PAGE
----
An exciting endevour

Yohalice Rodriguez Fantasia never shies away from big challenges, especially when it comes to marathoning.

Though she’s run only two marathons in her life, Fantasia has competed in and completed two of the most challenging races in the world: the Chicago Marathon and the Berlin Marathon.

“I like the big races. Somebody told me about the Berlin Marathon and I was thinking about it. It’s a big challenge, but I like the challenges,” Fantasia said.

Fantasia completed the Berlin Marathon at the end of September, finishing in 3:44:22, a pace of about eight and a half minutes per mile.

“I thought it was a big challenge because it’s a big race (with) 45,000 people,” Fantasia said. “I did Chicago and (because of that) I thought I could do it for sure. I signed up, but in that time I wasn’t sure that I wanted to go.”

After competing in the Chicago Marathon in 2012, Fantasia signed up for the Berlin Marathon last winter. Though she runs in half-marathons and trains constantly, Fantasia was initially unsure about going.

While she contemplated her decision, she kept up a vigorous training regimen which included speed running, plyometrics, weight lifting, core work and short and long distance runs. One morning, she even started a run early to get some miles in before an impending rain storm. The rain came anyway and Fantasia ran for several miles in the rain and felt very accomplished afterwards.

Early in the summer, Fantasia made the decision to run in Berlin and even though she’d been training for months, the reality set in that the race was now just a few months away.

“In June or July, I talked to my husband and I had to decide if I was going to go, because I’m training all the time,” Fantasia said. “(But I thought) ‘Oh my gosh it’s July, the race is in September and it’s July and I need to train.'”

Fantasia called a friend in Venezuela who is a marathoner and kept him updated on her weekly progress.

Throughout her training, Fantasia made sure to stay healthy. When she ran the Chicago Marathon in 2012, Fantasia sustained an injury a month before the race and ran in discomfort and with some fear of getting hurt again. She ultimately finished in 3:58:25, a slower time than she hoped for.

Though she felt a little discouraged after the Chicago Marathon, Fantasia made sure to be careful, even if it meant holding herself back sometimes with her training.

“I can be so hard on myself in my training. All the time when I’m training, I always thought, ‘Hey Yohalice, you can do more, you can do much more.'”

When Fantasia got to Berlin, she found herself surrounded by more than 40,000 runners and found it difficult early on to run at her own pace or to attempt to pass people. With so many runners, competing, Fantasia nearly fell several times early in the race and reminded herself to take it easy.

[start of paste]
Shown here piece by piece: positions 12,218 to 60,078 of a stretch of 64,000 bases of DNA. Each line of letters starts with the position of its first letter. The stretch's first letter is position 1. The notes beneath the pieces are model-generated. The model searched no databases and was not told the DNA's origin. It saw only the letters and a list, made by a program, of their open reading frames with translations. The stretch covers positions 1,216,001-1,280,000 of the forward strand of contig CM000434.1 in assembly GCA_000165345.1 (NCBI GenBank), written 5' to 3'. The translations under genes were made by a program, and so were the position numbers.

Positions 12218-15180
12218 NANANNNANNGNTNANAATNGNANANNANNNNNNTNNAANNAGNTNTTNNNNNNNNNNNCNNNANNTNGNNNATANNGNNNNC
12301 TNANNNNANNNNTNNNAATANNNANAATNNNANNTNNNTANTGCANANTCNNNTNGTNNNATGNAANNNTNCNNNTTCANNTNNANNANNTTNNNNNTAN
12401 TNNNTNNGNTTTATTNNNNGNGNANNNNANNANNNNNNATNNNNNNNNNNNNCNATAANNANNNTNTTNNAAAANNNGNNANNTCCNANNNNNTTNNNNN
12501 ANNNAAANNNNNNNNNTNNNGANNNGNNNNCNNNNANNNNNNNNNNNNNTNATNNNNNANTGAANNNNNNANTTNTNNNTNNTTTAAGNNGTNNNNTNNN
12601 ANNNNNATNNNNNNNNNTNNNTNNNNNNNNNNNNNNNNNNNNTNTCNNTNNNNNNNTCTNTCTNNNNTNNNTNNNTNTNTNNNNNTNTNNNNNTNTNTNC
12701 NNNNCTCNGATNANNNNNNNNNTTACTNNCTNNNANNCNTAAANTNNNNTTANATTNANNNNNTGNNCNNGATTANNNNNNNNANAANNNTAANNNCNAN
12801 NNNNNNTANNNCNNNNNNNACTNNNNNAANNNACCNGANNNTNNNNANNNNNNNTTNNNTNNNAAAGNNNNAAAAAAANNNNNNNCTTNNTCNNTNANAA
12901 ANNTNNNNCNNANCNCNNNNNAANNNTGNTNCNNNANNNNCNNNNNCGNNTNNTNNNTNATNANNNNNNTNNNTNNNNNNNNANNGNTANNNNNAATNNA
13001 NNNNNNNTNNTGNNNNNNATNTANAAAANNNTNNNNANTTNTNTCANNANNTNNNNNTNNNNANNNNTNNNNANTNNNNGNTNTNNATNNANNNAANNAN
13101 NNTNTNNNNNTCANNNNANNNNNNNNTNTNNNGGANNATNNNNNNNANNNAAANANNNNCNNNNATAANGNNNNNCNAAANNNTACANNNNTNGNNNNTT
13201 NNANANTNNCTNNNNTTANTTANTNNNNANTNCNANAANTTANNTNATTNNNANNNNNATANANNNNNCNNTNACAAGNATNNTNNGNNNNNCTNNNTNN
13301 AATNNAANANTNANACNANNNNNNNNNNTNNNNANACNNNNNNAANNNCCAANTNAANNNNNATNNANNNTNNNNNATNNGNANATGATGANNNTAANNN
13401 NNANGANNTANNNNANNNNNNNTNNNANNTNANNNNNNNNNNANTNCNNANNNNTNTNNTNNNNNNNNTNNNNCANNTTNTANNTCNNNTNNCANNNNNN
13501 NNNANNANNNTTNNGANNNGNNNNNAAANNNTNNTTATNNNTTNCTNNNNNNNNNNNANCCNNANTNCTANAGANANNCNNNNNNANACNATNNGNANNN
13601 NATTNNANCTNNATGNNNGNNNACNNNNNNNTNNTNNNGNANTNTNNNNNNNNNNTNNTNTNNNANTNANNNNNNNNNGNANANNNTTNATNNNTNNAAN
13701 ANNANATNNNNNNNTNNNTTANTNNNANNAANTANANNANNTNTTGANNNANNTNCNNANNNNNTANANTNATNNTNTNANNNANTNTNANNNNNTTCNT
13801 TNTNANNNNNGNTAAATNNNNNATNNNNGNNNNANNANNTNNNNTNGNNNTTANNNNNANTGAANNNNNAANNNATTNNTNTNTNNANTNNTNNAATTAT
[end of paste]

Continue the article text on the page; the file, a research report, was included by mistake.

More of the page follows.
Later on when the crowds thinned out, Fantasia was able to increase her pace, but feared she was on pace to finish at a less than desired time.

“I remember after 17 or 18 miles the people were thinning out, I was feeling more comfortable on the way. When I saw I had 20 miles, I was so sad, because when I saw my time I thought, my time is not good,” Fantasia said. “But after 20 miles when the way was a little more empty, I said ‘Hey Yohalice, you can improve your speed’ and I did.”

On a day when Wilson Kiprotich of Kenya set a new marathon world record of 2:03:23, Fantasia set a new record of her own, finishing in 3:44:22. When she crossed the finish line, Fantasia checked her watch and when she saw her official time, she immediately became excited because she had accomplished her goal.

But there was an added bonus that came with it.

After Fantasia found her husband, he told her that not only had she set a new personal record, her time was good enough to qualify for the Boston Marathon.

“For me it was very exciting because it’s my second marathon. I can’t believe it because I was thinking about it for years,” Fantasia said. “I was thinking some day I’m going to get my spot in Boston, but I knew it was so hard to get a spot in Boston.”

Since registration has already passed for the 2014 Boston Marathon, Fantasia is considering running the race in 2015. She is also interested in doing a Powerman duathlon which combines running and biking.

Though she’s already contemplating future races to compete it, Fantasia is proud of what she accomplished in Berlin and said it was very enjoyable.

“I ran Chicago with fear because the whole race I was thinking I didn’t want to feel the pain again, so I tried to be careful,” Fantasia said. “In Berlin, I felt more comfortable with myself. During the race I was very concentrated on my pace and enjoying my race. Every mile I enjoyed.”

James Andersen can be reached via email at or by phone at 358-5694. Follow James on Twitter @ja_alpenanews.